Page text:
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Create a simple photogallery with jQuery in five minutes - Team Webgalli Blog
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Create a simple photogallery with jQuery in five minutes

Posted on: July 25th, 2012 by Sarath C 2 Comments

This is a simple tutorial which will help you to create a simple photo gallery system for your web project in less than five minutes using HTML, CSS, and JavaScript (jQuery). Following is the screenshot of the final product.

Live demo

Step 1: Load the jQuery library

<script src="http://code.jquery.com/jquery-1.7.2.min.js"></script>

Step 2: The HTML Markup

The most important part of any good web component is a solid HTML structure. A semantic foundation means that your content will be web accessible in virtually all browser clients.

Our content’s structure involves a div called #photogallerywrapper that serves as the container for our gallery. Nested inside it is another div called #thumbnailsgallery that holds the gallery images.

<div id="photogallerywrapper">
	<div id="master_image"><img src="master_image_1.jpg" border="0"/></div>
		<div id="thumbnailsgall">
			<a href="#" rel="master_image_1.jpg" class="thumb_nail"><img src="thumb_nail_1.jpg" class="thumb" border="0"/></a>
			<a href="#" rel="master_image_2.jpg" class="thumb_nail"><img src="thumb_nail_2.jpg" class="thumb" border="0"/></a>
			<a href="#" rel="master_image_3.jpg" class="thumb_nail"><img src="thumb_nail_3.jpg" class="thumb" border="0"/></a>
			<a href="#" rel="master_image_4.jpg" class="thumb_nail"><img src="thumb_nail_4.jpg" class="thumb" border="0"/></a>
			<a href="#" rel="master_image_5.jpg" class="thumb_nail"><img src="thumb_nail_5.jpg" class="thumb" border="0"/></a>
	</div>
</div>

Step 3 : The CSS

The next step to a strong design is having a good set of styles that consider the possibility that the user has JavaScript disabled.

#master_image {
    float: left;
    max-width: 205px;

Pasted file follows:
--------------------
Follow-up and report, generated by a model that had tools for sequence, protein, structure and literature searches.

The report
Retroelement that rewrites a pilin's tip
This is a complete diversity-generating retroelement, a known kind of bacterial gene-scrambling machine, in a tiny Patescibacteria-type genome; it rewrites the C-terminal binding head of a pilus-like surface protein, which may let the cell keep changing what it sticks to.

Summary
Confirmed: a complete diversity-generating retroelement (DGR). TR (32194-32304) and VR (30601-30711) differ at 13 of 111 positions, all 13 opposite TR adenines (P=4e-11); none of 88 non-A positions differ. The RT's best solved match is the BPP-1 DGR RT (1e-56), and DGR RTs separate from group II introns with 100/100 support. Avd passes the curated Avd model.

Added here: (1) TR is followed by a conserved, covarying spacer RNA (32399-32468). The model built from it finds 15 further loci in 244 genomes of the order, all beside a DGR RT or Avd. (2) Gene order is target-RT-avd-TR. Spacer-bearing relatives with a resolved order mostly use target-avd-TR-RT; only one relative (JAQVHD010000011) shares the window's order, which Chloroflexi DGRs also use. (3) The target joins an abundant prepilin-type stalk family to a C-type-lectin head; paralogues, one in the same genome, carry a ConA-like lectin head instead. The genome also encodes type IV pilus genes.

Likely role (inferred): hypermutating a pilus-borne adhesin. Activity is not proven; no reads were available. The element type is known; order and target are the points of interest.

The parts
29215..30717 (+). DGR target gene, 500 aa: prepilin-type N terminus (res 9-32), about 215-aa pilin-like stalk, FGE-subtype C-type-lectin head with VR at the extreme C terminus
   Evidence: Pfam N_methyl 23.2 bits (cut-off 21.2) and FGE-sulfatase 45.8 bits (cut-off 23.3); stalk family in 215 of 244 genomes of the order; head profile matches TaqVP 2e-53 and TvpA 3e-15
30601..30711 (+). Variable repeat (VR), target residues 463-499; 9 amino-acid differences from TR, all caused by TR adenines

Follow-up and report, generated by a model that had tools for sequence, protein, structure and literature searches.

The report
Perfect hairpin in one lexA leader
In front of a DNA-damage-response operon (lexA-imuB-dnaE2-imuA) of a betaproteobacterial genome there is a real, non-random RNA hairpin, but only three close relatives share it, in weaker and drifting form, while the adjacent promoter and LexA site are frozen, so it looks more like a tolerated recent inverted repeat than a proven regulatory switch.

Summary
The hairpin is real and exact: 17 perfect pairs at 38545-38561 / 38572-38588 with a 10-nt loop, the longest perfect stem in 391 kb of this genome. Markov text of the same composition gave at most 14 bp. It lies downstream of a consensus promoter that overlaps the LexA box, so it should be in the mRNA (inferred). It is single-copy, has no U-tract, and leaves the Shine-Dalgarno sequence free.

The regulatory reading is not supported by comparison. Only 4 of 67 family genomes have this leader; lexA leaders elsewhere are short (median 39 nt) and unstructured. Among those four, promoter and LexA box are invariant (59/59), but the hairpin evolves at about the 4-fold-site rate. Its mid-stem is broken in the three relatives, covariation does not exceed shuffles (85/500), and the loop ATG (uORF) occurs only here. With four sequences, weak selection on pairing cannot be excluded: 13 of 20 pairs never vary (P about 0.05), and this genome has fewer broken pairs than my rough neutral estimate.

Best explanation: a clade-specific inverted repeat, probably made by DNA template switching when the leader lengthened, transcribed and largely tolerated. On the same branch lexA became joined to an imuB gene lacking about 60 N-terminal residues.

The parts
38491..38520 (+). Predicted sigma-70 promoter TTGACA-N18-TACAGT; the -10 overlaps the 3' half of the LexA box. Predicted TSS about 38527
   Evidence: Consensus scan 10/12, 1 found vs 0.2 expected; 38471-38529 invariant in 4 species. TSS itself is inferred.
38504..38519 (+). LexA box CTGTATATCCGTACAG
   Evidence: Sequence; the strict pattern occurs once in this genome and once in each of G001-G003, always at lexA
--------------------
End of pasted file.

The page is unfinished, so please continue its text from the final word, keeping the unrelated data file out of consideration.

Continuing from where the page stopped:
width: 205px;
}	
#master_image img {
	margin:2px;
	border:1px solid #dedede;
}  
#thumbnailsgall {
    float: right;
    max-width: 345px;
    width: 345px;
}	
#thumbnailsgall img {
	margin:2px;
	border:1px solid #dedede;
}	
#photogallerywrapper {
	border:1px solid #858585;
	background:#858585;
	overflow:auto;
	margin:10px 0;
}

Step 4 : The simple magic

With our HTML and CSS in place, it’s time for the fun stuff. We’ll use the loaded jQuery library to make our slideshow more interactive and animated.

	<script style="text/javascript">
	$(function() {
		$(".thumb_nail").click(function() {
		var image = $(this).attr("rel");
		$('#master_image').hide();
		$('#master_image').fadeIn('slow');
		$('#master_image').html('<img src="' + image + '"/>');
		return false;
		});
	});
	</script>

In summary

In this tutorial, we created a simple photogallery script using solid HTML, CSS, and JavaScript (jQuery).

Feedback? Questions?

What did you think about this tutorial? Was it helpful? Were you confused at any point? Did you spot errors or points of improvement? Please share your thoughts in the comments so that we can improve tutorials here. Additionally, if you have questions, we’d love to help – so don’t be shy!

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2 Responses

  1. Seungkyu says:

    Extending this technique you can make a loading image appear while the image is loading, and then switch in the image after it has loaded:

    var $image = $( ).css({ display: none' }).attr({src: path/to/image.png',alt: description of image'});
    var $loader = $( ).attr({src: path/to/loader.gif'});
    $(this).append($loader).append($image.load(function() {
    $loader.remove();
    $image.css({ display: inline-block' });
    }));

    Or you could use inline’ or block’ for the final display property of the image, whatever matches your requirements.

  2. Sarath C says:

    You are correct. But I think, we can have the same effect easily by giving a background property for the #master_image div as follows

    #master_image{
    background: url("path/to/loading.gif") 50% 50% no-repeat;
    }

    See our preloader tutorial for the example.